‘Occupy Wall Street’ Protests Go Global; Riots in Rome

Thousands of anti-corporate protesters marched Saturday from New York City’s Financial District to Times Square in a show of force that resulted in 74 arrests, authorities said.

Thousands of anti-Wall Street protesters rallied in New York's Times Square on Saturday, buoyed by a global day of demonstrations in support of their monthlong campaign against corporate greed. Photo: Eric Hart/Flickr

The protesters stopped traffic in busy Midtown Manhattan streets and provided a new spectacle for tourists and New Yorkers amid the bustle of iconic Times Square.

It was one of the largest demonstrations yet from the Occupy Wall Street movement, which has camped out in a Lower Manhattan park since Sept. 17 to protest finance industry bailouts, unemployment and income inequality.

Inspired by the Occupy Wall Street movement, protests on Saturday started in Asia and rippled through Europe back to the United States and Canada. Protesters fed up with economic inequality took to the streets in cities from Washington, Boston and Chicago to Los Angeles, Miami and Toronto.

At least 70 people were injured after a peaceful rally in the Italian capital Rome descended into street battles. Prime Minister Silvio Berlusconi called the violence a “worrying signal” and said the perpetrators “must be found and punished”.

Rome Mayor Gianni Alemanno blamed the violence on “a few thousand thugs from all over Italy, and possibly from all over Europe, who infiltrated the demonstration”.

In Toronto, a couple of thousand people gathered peacefully and started to set up a camp in one of the city’s parks. Protesters in Washington marched through the streets.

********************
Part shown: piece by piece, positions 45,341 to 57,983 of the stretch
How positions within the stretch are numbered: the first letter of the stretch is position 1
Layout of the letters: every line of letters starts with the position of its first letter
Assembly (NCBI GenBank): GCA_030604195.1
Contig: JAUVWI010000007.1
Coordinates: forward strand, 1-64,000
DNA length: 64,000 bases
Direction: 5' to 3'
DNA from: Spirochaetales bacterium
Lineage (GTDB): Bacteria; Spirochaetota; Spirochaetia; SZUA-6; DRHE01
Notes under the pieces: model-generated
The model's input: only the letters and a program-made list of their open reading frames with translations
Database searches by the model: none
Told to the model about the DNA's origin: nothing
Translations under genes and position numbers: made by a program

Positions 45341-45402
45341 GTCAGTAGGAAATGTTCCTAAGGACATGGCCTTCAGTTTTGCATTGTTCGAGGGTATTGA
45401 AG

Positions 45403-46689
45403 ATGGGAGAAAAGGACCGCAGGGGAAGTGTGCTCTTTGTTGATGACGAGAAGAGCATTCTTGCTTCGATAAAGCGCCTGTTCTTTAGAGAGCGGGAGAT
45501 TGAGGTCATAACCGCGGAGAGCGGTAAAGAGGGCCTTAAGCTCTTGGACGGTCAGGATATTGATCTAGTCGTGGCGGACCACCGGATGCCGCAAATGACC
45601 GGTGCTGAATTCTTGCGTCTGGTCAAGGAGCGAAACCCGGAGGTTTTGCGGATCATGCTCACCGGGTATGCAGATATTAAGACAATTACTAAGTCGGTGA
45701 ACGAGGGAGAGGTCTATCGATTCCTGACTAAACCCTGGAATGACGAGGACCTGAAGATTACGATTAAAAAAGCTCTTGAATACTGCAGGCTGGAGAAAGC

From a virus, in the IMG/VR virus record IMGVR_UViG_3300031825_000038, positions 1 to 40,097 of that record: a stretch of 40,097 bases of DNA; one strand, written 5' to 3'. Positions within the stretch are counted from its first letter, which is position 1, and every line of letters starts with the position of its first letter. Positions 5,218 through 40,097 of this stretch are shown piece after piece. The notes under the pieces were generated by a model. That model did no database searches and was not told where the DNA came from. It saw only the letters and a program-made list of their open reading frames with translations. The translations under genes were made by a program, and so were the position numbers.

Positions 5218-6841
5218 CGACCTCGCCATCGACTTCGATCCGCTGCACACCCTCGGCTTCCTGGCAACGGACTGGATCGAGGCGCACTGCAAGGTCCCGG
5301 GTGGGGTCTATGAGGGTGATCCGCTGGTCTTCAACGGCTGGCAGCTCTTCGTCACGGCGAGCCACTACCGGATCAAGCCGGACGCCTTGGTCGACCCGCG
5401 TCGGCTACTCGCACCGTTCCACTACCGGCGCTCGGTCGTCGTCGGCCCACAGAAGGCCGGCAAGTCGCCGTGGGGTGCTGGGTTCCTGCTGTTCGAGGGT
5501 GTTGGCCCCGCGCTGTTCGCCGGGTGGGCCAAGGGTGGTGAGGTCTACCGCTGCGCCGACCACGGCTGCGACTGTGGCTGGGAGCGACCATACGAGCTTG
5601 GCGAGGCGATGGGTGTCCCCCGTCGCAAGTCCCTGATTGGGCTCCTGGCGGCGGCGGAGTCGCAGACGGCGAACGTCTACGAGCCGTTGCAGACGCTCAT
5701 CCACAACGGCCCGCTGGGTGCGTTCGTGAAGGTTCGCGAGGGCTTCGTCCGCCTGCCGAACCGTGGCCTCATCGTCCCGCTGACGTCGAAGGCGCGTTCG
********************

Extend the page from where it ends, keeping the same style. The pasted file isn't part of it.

A huge rally in Madrid had a more festive atmosphere. Tens of thousands of people filled the Puerta del Sol Squareon Saturday evening, the BBC’s Sarah Rainsford reports from the Spanish capital.

In Portugal, 20,000 marched in Lisbon and a similar number in Oporto. In Greece, about 2,000 people rallied outside parliament in Athens and a similar number reportedly turned out in the second city, Thessaloniki.

In New York, where the movement began when protesters set up camp in a Lower Manhattan park on Sept. 17, organizers said the protest grew to at least 5,000 people as they marched to Times Square from their makeshift outdoor headquarters.

The action in New York was largely peaceful, police said, in contrast to the scene in Rome, where violence erupted between police and protesters. “There are always a few knuckleheads, but for the most part everyone’s happy,” said Deputy Inspector Daniel Mulligan.

The protesters chanted, “We got sold out, banks got bailed out” and “All day, all week, occupy Wall Street.” They arrived in Times Square at a time when the area is already crowded with tourists and Broadway theatergoers.

American protesters are angry that U.S. banks are enjoying booming profits after getting bailouts in 2008, while many people are struggling in a difficult economy with more than 9 percent unemployment and little help from Washington.

Police said three people were arrested in Times Square after pushing down police barriers and five men were arrested earlier for wearing masks. Police also arrested 24 people at a Citibank branch in Manhattan, mostly for trespassing.

Citigroup released a statement Saturday evening that said, “A large amount of protesters entered our branch at 555 La Guardia Place around 2:00 PM today. They were very disruptive and refused to leave after being repeatedly asked, causing our staff to call 911.

The Police asked the branch staff to close the branch until the protesters could be removed. Only one person asked to close an account and was accommodated.”

At about 8 p.m., police arrested 42 people for blocking the sidewalk. Protesters complained they had no place to go with a wall of police in riot gear in front of them and thousands of demonstrators behind them leaving Times Square. [via Huff Post, BBC and The Wall Street Journal]

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